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Writing a case study in the B2B world can be a daunting task. The name infers that it consists of hours upon hours of research to create a big, thick document of dry information in the end. While that may have been the case back in the day, it’s a much quicker, exciting process now — that is, if you do it effectively. 

Why you should prioritize more case studies

A survey from the Content Marketing Institute found that the most important marketing tactics for B2B companies are in-person events, webinars, and case studies. 

If you want to ensure they get the memo that you’re the one they should do business with, your successes must be easy to find – and in as few places as possible. You don’t want to leave a trail of success breadcrumbs scattered around the internet in the hopes that future business will follow it.

Development company Devrix suggests making your case studies visible on your website, even on your main navigation menu. You might be asking, “Can’t I just include them in my blog?” Or, “Why dedicate a whole page to case studies?” There are a couple of answers to those questions.

  • You could include your case studies in your blog, but they aren’t really blogs. Your blog likely consists of industry news and how-to posts, acting as a catch-all. Your case studies serve the purpose of being all about work your company has done. So let them stand out! 
  • You might be hesitant to dedicate a whole page to your case studies because you still think a case study is a bulky project that nobody outside of your organization will want to read. However, it’s common now to use a case study to focus on a single takeaway or two. If you have more that you want to write about — you probably do — then you write more case studies.

Case study etiquette

The most important thing to keep in mind about your case study is that the success outlined is attributed to the customer. Not you. Use case studies as a platform for your customers’ successes, not an excuse to show off how you helped get them there.

Involve your customers in the case study

There are a few ways to obtain the necessary information you need from your client. But a lot of it depends on how hands-on and responsive they are. Some clients like to be kept in the loop and want to be involved in any projects you’re working on that concern them. Others prefer to talk to you only when you’re working on a project for them. If your client is more of the hands-on type, interview them either in person, over the phone, or via email.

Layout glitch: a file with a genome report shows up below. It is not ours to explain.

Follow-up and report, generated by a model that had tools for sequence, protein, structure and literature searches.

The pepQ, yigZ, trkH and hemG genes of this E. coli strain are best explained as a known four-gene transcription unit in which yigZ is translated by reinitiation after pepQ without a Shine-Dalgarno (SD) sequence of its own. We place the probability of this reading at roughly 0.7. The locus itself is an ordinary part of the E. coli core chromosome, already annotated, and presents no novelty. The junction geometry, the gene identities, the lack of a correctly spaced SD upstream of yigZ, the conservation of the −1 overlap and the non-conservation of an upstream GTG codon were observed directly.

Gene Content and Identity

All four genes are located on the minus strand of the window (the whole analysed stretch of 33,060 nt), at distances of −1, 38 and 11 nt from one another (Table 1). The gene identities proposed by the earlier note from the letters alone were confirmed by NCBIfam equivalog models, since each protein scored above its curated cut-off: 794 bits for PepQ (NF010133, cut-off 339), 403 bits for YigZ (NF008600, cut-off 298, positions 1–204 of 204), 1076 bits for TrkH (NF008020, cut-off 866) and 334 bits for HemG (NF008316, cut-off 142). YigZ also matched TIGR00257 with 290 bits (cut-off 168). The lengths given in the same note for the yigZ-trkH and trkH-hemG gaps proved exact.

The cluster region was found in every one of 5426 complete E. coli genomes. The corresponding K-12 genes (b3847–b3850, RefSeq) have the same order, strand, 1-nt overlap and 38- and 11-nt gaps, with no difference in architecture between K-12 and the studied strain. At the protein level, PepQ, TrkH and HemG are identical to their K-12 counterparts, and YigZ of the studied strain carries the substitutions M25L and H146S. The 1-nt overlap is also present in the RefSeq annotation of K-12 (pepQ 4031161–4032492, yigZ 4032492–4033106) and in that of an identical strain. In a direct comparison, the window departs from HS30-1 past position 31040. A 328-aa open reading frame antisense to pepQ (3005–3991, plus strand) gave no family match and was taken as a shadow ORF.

If your client is a bit more reserved, you will want to ask for the materials you need before you get started. Then, send him or her a draft before continuing to make sure you’re on the right track before committing more time. Sending a draft ahead of time is also an excellent route to take if your case study contains any information that might be considered sensitive or confidential. A way to avoid getting too detailed without omitting necessary data is to use growth percentages instead of specific numbers.  

What should you include?

Oh! Did you want to know the literal way to write your case study? The format? Well, there are a few ways to do that, as long as you include all of these crucial aspects:

    • A detailed headline: Don’t just use your client’s name. What project or results is your study actually about? 
    • The process you used: How did you solve this client’s problem? You’re not a magician. You can reveal your tricks.
    • The results: Be as specific as the client allows you to be. Brag brag brag!
    • Quotes: Try to get quotes from your client about the work that you did for him or her.
    • Call to action: Allow anyone who’s reading to reach these same results by getting in contact with you. You don’t want them to have read the whole case study just to be confused about how to hire you!